Mill Valley City Hall.

When the Mill Valley City Council this week held its latest hearing on the feasibility of its plans to create more housing opportunities for people who work in Mill Valley or would like to live here but cannot afford to do so, it did so within the context of a new dynamic.

In a lengthy meeting featuring dozens of speakers seemingly split between neighbors opposed to the 1 Hamilton Drive project‘s possible impact on quality of life and Mill Valley residents who want to see more below-market housing opportunities created in town, the Council unanimously agreed to move forward.

That is, they voted to approve an exclusive negotiating agreement with EAH Housing its developer partner on the site, and allocated funds from the city’s affordable housing trust to support pre-development activities like community outreach, site planning, design and environmental review. They’re eyeing the first community workshop on the project in mid-March focusing on issues like the need to relocate the property’s existing restrooms, electric charging stations and public parking of up to a total of 50 public parking spaces.

But before they got a chance to do that outreach, they received a written threat of litigation from attorney Patrick Soluri of Soluri Meserve on behalf of the Friends of Hauke Park based on environmental review under the California Environmental Quality Act.

“It seems (the litigants) have taken the position that the city is somehow approving a project tonight,” City Attorney Inder Khalsa said. “All that we are asking council to authorize is due diligence. Cities sometimes need to enter into preliminary administrative agreement before exploring sites and that’s exactly what is happening tonight. We don’t have enough info to actually do a full environmental analysis even if we wanted to.”

Facing significant opposition from residents in the Enchanted Knolls neighborhood and adjacent areas, councilmembers have sought to dispel the notion that a development at 1 Hamilton Drive would be the lone effort to address the City’s efforts to create conditions for more affordable housing. Hamilton Drive-area residents have pushed City officials to explore other neighborhoods and housing opportunities before doing so in their part of town, which has a history of multi-use and some affordable developments.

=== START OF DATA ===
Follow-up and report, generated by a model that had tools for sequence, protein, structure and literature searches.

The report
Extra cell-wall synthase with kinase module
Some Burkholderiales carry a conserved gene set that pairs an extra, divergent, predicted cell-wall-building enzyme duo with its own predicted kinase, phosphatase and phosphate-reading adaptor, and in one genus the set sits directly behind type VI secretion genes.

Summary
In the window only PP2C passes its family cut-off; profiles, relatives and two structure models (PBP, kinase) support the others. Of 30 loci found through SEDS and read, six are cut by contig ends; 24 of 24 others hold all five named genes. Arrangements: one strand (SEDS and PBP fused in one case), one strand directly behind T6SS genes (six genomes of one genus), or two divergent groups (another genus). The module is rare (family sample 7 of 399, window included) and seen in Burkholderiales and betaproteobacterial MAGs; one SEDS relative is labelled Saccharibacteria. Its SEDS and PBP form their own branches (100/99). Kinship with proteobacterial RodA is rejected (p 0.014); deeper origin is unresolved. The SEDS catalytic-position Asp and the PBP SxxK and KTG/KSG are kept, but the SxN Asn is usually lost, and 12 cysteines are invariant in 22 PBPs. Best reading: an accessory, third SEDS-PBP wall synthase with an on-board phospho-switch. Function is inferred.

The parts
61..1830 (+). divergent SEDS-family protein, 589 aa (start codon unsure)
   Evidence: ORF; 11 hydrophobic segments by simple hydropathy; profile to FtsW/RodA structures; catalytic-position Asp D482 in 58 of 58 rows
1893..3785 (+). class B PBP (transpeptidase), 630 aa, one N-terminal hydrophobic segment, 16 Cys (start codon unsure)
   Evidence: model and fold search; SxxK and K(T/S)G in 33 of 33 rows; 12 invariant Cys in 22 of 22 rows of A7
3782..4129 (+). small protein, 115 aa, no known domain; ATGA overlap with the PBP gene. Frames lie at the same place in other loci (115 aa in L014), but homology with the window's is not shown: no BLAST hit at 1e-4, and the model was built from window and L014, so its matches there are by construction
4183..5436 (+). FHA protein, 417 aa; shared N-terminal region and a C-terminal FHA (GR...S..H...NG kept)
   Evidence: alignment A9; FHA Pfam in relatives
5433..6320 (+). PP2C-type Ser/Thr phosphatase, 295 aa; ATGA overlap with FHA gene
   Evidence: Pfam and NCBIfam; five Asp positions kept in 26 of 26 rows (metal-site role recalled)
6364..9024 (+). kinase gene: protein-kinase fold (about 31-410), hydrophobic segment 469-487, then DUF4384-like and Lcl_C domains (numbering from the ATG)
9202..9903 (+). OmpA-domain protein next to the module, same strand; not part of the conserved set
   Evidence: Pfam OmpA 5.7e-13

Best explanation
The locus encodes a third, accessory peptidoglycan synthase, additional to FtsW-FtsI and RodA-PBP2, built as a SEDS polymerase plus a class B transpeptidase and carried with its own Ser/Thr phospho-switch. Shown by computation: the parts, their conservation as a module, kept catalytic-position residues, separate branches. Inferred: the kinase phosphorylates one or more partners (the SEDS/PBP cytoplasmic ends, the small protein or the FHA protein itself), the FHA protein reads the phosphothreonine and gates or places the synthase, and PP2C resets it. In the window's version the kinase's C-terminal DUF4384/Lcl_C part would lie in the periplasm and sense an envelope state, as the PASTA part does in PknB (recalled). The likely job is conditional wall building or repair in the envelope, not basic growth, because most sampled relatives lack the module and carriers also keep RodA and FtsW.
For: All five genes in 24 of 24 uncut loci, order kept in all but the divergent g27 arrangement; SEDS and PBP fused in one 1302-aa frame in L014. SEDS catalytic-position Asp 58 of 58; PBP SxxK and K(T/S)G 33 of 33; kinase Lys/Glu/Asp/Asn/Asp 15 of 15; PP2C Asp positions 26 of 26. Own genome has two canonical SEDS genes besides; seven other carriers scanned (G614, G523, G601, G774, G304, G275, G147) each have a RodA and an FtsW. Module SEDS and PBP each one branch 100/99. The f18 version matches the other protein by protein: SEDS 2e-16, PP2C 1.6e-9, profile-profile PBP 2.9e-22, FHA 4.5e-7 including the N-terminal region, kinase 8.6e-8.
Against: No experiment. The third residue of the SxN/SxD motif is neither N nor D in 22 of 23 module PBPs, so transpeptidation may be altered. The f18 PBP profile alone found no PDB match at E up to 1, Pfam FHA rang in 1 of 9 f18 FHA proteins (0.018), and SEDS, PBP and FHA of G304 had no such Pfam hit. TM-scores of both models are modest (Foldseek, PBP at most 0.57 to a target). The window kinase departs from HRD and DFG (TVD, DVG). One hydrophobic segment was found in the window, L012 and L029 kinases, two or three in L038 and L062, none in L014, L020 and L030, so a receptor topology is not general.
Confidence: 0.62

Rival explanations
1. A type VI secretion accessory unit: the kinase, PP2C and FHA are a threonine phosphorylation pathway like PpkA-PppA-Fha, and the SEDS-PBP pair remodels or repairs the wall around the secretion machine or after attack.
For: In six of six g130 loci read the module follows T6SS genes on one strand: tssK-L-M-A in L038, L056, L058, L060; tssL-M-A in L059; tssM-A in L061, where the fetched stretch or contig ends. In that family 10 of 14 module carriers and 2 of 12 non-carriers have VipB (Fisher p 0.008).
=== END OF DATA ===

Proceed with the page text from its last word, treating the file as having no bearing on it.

Councilmembers have countered that the Hamilton Drive site shows the most promise as a City-owned parcel in proximity to transit corridors and commercial areas, but that all other options are on the table. “This is not going to be the only site we will look at for affordable housing,” Councilmember Urban Carmel added in September, noting that other sites, like the Edgewood Reservoir, the Miller Avenue commercial corridor and areas around the Mill Valley Golf Course and Boyle Park tennis courts, are potentially on the table.

As city officials move toward next steps in the process, they do so knowing they’re facing a monster of a mandate. At a workshop via Zoom on Feb. 16, city officials continue their work on the process of creating a new Housing Element for years 2023-2031, a long-term, state-mandated process under the specter of ABAG’s Regional Housing Needs Allocation that calls for an eye-popping increase in the number of units to be planned for by the city, from 129 units in the 2014-2022 cycle to 865 units in 2023-2031.

City officials have made it clear that they are serious about pulling every lever possible to create the conditions that would significantly expand on the approximately 6,670 current housing units and support the amount of additional housing for which they’re on the hook, according to ABAG.

The Feb. 16th workshop at 6:30pm (REGISTER HERE) seeks to address the question: “What Housing and Land Use Strategies Should be Used to Plan for New Housing? City officials want residents to take this survey to share their thoughts on possible housing and land use strategies as part of the Housing Element Update process.

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